14 October 2019
The Ministry of Justice has scrapped plans for a dramatic increase in probate fees which would have seen the existing flat-rate system replaced with fees of between £250 and £6,000 for estates worth more than £50,000.
An earlier plan to raise probate fees was dropped just before the 2017 general election but then revived in 2018. This time, however, it seems that the idea has been killed off for good. The plan was the subject of fierce opposition by Conservative-supporting newspapers such as The Telegraph. The charity sector also welcomed the decision, as the higher fees were expected to cut into the share of estates left to charities.
5 August 2019
The Guardianship of Missing Persons Act 2017 has come into force. This provides a means for relatives of someone who is missing to try to protect the property or financial assets of that person, for example by keeping up mortgage payments on a house or renewing an insurance policy. It also allows dependants of the missing person to continue to receive support from that person's resources. The procedure requires an application to the court for the appointment of a guardian who must abide by a supervisory regime designed to protect the interests of the missing person.
13 February 2019
The cost of a death certificate is to rise from £4 to £11 in England and Wales on 16 February. The increase has been set by the General Register Office, which is accountable to the Home Office.
In the past, individuals dealing with estates might have ordered several certificates to send to local and national authorities, banks, pension providers and others as evidence of a death. The increased cost of a death certificate is likely to encourage a greater use of certified copies wherever possible. In addition, some government agencies as well as financial institutions can be advised of a death through the single-notification systems which are now available.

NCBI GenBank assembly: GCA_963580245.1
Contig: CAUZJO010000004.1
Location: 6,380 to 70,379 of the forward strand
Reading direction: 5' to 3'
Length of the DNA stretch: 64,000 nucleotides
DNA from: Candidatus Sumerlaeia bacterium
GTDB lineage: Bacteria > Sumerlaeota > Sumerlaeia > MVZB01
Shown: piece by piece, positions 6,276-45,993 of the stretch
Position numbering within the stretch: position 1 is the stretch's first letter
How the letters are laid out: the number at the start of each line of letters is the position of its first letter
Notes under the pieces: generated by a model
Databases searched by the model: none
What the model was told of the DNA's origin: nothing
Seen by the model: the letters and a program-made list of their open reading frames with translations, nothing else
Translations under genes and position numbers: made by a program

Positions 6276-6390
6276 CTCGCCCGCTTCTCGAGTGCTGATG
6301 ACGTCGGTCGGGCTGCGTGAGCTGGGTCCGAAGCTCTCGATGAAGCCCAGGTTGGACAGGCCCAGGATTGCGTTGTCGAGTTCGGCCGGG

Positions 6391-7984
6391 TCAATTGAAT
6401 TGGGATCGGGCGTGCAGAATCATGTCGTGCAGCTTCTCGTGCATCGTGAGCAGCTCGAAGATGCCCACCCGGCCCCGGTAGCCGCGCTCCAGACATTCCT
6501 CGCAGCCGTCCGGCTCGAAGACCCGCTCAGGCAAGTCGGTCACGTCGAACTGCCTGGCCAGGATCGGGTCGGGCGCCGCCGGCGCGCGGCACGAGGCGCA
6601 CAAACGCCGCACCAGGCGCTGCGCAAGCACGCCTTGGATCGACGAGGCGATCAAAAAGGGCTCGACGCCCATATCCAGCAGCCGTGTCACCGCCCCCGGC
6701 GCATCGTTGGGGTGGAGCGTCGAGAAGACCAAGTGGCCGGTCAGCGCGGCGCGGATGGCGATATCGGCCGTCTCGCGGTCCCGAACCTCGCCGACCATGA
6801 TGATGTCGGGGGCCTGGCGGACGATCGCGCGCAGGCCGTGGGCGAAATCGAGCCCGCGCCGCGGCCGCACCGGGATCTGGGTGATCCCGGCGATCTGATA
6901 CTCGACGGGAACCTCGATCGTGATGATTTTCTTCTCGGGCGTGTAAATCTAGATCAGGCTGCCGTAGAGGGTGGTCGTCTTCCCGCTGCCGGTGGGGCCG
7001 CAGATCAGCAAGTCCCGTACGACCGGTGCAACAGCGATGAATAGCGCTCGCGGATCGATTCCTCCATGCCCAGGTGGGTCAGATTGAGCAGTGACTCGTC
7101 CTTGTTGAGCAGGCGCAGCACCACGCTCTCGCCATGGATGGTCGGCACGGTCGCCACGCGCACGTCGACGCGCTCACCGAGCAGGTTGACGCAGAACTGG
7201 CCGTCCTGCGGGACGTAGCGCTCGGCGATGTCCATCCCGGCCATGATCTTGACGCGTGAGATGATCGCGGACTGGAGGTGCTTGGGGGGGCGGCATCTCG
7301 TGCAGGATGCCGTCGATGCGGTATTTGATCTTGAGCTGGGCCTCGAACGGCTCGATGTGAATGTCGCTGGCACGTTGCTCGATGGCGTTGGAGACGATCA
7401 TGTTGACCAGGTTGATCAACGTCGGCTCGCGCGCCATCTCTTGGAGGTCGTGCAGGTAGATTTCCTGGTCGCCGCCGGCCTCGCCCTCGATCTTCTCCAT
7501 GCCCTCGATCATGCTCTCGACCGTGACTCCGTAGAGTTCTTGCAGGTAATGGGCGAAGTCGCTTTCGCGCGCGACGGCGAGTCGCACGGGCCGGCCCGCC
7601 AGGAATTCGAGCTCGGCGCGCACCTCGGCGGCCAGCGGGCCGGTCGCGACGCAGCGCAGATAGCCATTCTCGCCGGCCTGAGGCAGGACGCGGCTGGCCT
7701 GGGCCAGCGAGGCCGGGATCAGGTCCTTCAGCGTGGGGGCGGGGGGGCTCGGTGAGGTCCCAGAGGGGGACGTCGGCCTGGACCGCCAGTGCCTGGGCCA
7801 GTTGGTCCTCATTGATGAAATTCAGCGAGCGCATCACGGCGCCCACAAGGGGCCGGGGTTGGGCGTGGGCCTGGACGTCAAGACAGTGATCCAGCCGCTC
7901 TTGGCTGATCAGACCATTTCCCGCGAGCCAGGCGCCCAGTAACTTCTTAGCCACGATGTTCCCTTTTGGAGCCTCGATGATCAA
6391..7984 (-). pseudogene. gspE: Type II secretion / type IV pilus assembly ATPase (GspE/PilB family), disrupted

12 November 2018
The Ministry of Justice has revived controversial plans for sharp increases to probate fees that were abandoned just before the 2017 general election.
At present, applicants pay a flat fee of £215 (or £155 if the application is made through a solicitor). Under the new proposals, the fees will vary depending on the size of the estate. The largest estates, worth more than £2 million, will now bear a fee of £6,000 (compared to £20,000 under the earlier plan). The government claims that around 80% of estates will pay £750 or less.
The new proposals have already attracted controversy. The Law Society has attacked them as a 'stealth tax'. The charitable sector is also concerned about the effect on legacy income. The higher fees will fall on the residue of an estate, which is often left to charity under a Will.
The government hopes to introduce the new fees in spring 2019.